Interpreting prophecies

Discussion in 'Sacred Scripture' started by Rexlion, Aug 24, 2020.

  1. Rexlion

    Rexlion Well-Known Member

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    Many people have been led to believe that end-time Scripture prophecies should always be interpreted by an allegorical method or by 'spiritualizing' them. I do not think this is proper.

    Consider, for example, the following passage in Scripture:
    Zec 14:1 Behold, the day of the LORD cometh, and thy spoil shall be divided in the midst of thee.
    Zec 14:2 For I will gather all nations against Jerusalem to battle; and the city shall be taken, and the houses rifled, and the women ravished; and half of the city shall go forth into captivity, and the residue of the people shall not be cut off from the city.
    Zec 14:3 Then shall the LORD go forth, and fight against those nations, as when he fought in the day of battle.
    Zec 14:4 And his feet shall stand in that day upon the mount of Olives, which is before Jerusalem on the east, and the mount of Olives shall cleave in the midst thereof toward the east and toward the west, and there shall be a very great valley; and half of the mountain shall remove toward the north, and half of it toward the south.
    Zec 14:5 And ye shall flee to the valley of the mountains; for the valley of the mountains shall reach unto Azal: yea, ye shall flee, like as ye fled from before the earthquake in the days of Uzziah king of Judah: and the LORD my God shall come, and all the saints with thee.
    Zec 14:6 And it shall come to pass in that day, that the light shall not be clear, nor dark:
    Zec 14:7 But it shall be one day which shall be known to the LORD, not day, nor night: but it shall come to pass, that at evening time it shall be light.
    Zec 14:8 And it shall be in that day, that living waters shall go out from Jerusalem; half of them toward the former sea, and half of them toward the hinder sea: in summer and in winter shall it be.
    Zec 14:9 And the LORD shall be king over all the earth: in that day shall there be one LORD, and his name one.
    Zec 14:10 All the land shall be turned as a plain from Geba to Rimmon south of Jerusalem: and it shall be lifted up, and inhabited in her place, from Benjamin's gate unto the place of the first gate, unto the corner gate, and from the tower of Hananeel unto the king's winepresses.
    Zec 14:11 And men shall dwell in it, and there shall be no more utter destruction; but Jerusalem shall be safely inhabited.
    Zec 14:12 And this shall be the plague wherewith the LORD will smite all the people that have fought against Jerusalem; Their flesh shall consume away while they stand upon their feet, and their eyes shall consume away in their holes, and their tongue shall consume away in their mouth.
    Zec 14:13 And it shall come to pass in that day, that a great tumult from the LORD shall be among them; and they shall lay hold every one on the hand of his neighbour, and his hand shall rise up against the hand of his neighbour.
    Zec 14:14 And Judah also shall fight at Jerusalem; and the wealth of all the heathen round about shall be gathered together, gold, and silver, and apparel, in great abundance.
    Zec 14:15 And so shall be the plague of the horse, of the mule, of the camel, and of the ass, and of all the beasts that shall be in these tents, as this plague.
    Zec 14:16 And it shall come to pass, that every one that is left of all the nations which came against Jerusalem shall even go up from year to year to worship the King, the LORD of hosts, and to keep the feast of tabernacles.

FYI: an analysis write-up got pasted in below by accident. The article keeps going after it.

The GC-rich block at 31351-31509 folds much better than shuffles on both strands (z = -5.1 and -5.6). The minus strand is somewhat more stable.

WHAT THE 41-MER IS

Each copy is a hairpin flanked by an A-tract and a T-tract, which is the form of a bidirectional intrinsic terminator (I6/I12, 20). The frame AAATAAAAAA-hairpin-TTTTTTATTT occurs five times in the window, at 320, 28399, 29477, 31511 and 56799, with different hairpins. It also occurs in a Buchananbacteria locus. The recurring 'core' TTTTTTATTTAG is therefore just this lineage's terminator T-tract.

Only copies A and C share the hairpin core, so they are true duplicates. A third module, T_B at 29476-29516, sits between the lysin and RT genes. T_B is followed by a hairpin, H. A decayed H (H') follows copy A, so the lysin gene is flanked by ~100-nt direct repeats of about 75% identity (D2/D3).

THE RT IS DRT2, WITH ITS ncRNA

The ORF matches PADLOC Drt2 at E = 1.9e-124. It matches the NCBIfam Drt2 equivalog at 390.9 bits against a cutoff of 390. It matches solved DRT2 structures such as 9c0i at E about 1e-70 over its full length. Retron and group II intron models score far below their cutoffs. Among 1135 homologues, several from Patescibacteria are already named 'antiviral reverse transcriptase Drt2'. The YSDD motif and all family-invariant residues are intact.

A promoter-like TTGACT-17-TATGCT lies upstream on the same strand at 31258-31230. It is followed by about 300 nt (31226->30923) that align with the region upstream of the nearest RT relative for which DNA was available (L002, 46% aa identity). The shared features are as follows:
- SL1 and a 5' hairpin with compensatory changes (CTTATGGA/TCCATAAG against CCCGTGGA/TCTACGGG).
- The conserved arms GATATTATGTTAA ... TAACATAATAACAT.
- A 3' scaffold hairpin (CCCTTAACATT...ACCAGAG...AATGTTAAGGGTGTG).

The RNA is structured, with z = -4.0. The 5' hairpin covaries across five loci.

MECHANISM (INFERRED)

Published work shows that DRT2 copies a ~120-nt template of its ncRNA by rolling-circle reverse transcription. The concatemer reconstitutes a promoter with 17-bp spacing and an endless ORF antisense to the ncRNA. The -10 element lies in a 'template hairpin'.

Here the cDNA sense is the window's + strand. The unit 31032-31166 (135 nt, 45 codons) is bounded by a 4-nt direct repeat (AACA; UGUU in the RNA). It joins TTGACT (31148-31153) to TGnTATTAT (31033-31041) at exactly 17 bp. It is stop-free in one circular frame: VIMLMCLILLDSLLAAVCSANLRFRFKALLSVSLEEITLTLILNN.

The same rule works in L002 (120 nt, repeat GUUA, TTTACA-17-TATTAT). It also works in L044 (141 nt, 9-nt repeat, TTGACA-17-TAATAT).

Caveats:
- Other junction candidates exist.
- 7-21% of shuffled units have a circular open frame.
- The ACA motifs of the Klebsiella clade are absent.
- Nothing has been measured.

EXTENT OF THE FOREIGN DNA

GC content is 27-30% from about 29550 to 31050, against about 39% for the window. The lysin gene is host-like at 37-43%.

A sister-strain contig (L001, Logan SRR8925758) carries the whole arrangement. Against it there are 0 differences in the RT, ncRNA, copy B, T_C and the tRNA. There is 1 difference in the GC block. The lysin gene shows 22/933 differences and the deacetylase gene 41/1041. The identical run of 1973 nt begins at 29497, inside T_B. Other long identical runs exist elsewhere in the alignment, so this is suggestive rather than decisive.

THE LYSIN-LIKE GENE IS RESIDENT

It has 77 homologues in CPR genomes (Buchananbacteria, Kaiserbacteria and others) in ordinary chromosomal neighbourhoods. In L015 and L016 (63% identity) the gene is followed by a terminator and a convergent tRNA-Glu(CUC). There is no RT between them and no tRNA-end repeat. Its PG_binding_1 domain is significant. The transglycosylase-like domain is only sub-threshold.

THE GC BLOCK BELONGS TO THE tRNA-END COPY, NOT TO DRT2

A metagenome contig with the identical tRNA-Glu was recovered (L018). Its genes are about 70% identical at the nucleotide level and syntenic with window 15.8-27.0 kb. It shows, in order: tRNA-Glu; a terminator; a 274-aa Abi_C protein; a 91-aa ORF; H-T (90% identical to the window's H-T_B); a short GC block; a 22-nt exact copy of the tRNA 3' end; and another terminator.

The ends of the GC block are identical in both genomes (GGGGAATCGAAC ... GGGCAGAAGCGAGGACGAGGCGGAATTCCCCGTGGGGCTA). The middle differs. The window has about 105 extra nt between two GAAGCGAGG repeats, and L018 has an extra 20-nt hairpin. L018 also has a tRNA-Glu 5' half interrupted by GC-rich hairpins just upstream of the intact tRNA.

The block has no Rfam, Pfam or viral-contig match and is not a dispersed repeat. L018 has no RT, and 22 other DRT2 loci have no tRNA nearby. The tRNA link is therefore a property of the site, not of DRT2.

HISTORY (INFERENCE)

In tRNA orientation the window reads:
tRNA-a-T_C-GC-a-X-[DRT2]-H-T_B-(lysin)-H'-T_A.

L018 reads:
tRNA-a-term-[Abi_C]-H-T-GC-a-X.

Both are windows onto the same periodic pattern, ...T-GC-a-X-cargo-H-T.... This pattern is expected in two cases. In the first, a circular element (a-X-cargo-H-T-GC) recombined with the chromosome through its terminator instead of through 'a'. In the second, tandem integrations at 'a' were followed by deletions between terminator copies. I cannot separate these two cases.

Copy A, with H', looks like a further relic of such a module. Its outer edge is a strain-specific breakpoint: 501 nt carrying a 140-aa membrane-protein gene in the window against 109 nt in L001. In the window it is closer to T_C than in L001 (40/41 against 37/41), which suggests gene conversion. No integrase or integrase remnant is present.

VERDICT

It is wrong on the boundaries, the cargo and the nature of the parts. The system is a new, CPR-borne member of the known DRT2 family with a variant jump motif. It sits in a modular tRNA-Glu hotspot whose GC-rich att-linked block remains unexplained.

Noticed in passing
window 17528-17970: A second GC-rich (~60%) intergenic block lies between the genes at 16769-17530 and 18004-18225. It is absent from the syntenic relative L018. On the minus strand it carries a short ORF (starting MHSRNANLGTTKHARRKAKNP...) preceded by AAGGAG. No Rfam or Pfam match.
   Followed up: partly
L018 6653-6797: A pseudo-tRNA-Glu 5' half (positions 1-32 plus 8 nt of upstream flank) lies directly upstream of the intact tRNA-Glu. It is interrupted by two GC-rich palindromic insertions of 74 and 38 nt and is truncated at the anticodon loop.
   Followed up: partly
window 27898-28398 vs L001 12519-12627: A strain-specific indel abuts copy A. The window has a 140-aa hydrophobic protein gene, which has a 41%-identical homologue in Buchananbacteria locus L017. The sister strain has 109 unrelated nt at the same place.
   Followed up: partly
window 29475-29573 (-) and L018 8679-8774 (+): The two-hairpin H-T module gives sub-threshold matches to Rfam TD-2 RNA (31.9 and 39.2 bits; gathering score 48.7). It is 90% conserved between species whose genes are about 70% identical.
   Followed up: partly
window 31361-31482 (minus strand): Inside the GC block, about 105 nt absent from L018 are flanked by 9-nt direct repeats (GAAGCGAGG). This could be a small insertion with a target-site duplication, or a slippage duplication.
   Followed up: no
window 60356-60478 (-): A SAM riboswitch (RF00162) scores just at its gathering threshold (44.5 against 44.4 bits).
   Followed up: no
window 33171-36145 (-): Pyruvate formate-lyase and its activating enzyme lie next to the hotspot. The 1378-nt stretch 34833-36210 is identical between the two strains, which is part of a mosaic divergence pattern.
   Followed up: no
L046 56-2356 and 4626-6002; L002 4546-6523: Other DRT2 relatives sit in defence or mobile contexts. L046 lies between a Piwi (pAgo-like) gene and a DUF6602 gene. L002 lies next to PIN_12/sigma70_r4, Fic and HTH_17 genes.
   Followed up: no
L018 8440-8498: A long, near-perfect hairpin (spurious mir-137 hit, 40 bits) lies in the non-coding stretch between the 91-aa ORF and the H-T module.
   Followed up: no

Zec 14:17 And it shall be, that whoso will not come up of all the families of the earth unto Jerusalem to worship the King, the LORD of hosts, even upon them shall be no rain.


    This prophecy in Zechariah tells of a time when an army gathers against Jerusalem and God Himself will set foot on the Mount of Olives, cleaving it into two halves, and will then fight on behalf of Jerusalem (v. 3) by consuming the very flesh of all in the enemy's camp (v. 12). Afterward, God will reign over the earth (v. 9) and people from all over the world will travel to Jerusalem to worship Him there (v. 16). Jerusalem will never again face utter destruction (v. 11). Clearly, this event has not yet occurred.

    Zechariah also prophesied of events which have come to pass. For example:
    Zec 11:12 And I said unto them, If ye think good, give me my price; and if not, forbear. So they weighed for my price thirty pieces of silver.
    Zec 11:13 And the LORD said unto me, Cast it unto the potter: a goodly price that I was prised at of them. And I took the thirty pieces of silver, and cast them to the potter in the house of the LORD.

    And also:
    Zec 9:9 Rejoice greatly, O daughter of Zion; shout, O daughter of Jerusalem: behold, thy King cometh unto thee: he is just, and having salvation; lowly, and riding upon an ass, and upon a colt the foal of an ass.
    Obviously, these passages foretell of the coming of Jesus our Messiah, and they have quite literally been fulfilled. The proper way to interpret these verses is to take them literally, as is very evident since we have the benefit of hindsight.

    Why would we pick and choose between the literal interpretive method and an allegorical method, based simply upon whether the scripture has (to our knowledge) been fulfilled or not? Especially when the same prophet has prophesied all of the above, isn't it arbitrary to assign a method of interpretation according to whether we can see a past fulfillment?

    Since we know that Zechariah accurately foretold of literal events which have come to pass, and we know that Zechariah was a true prophet of God, can't we expect Zechariah to have accurately foretold of literal events even when we haven't yet seen their fulfillment?
     
  2. Stalwart

    Stalwart Well-Known Member Anglican

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    Generally I agree with you, that there is no need to spiritualize prophecies, especially these ones.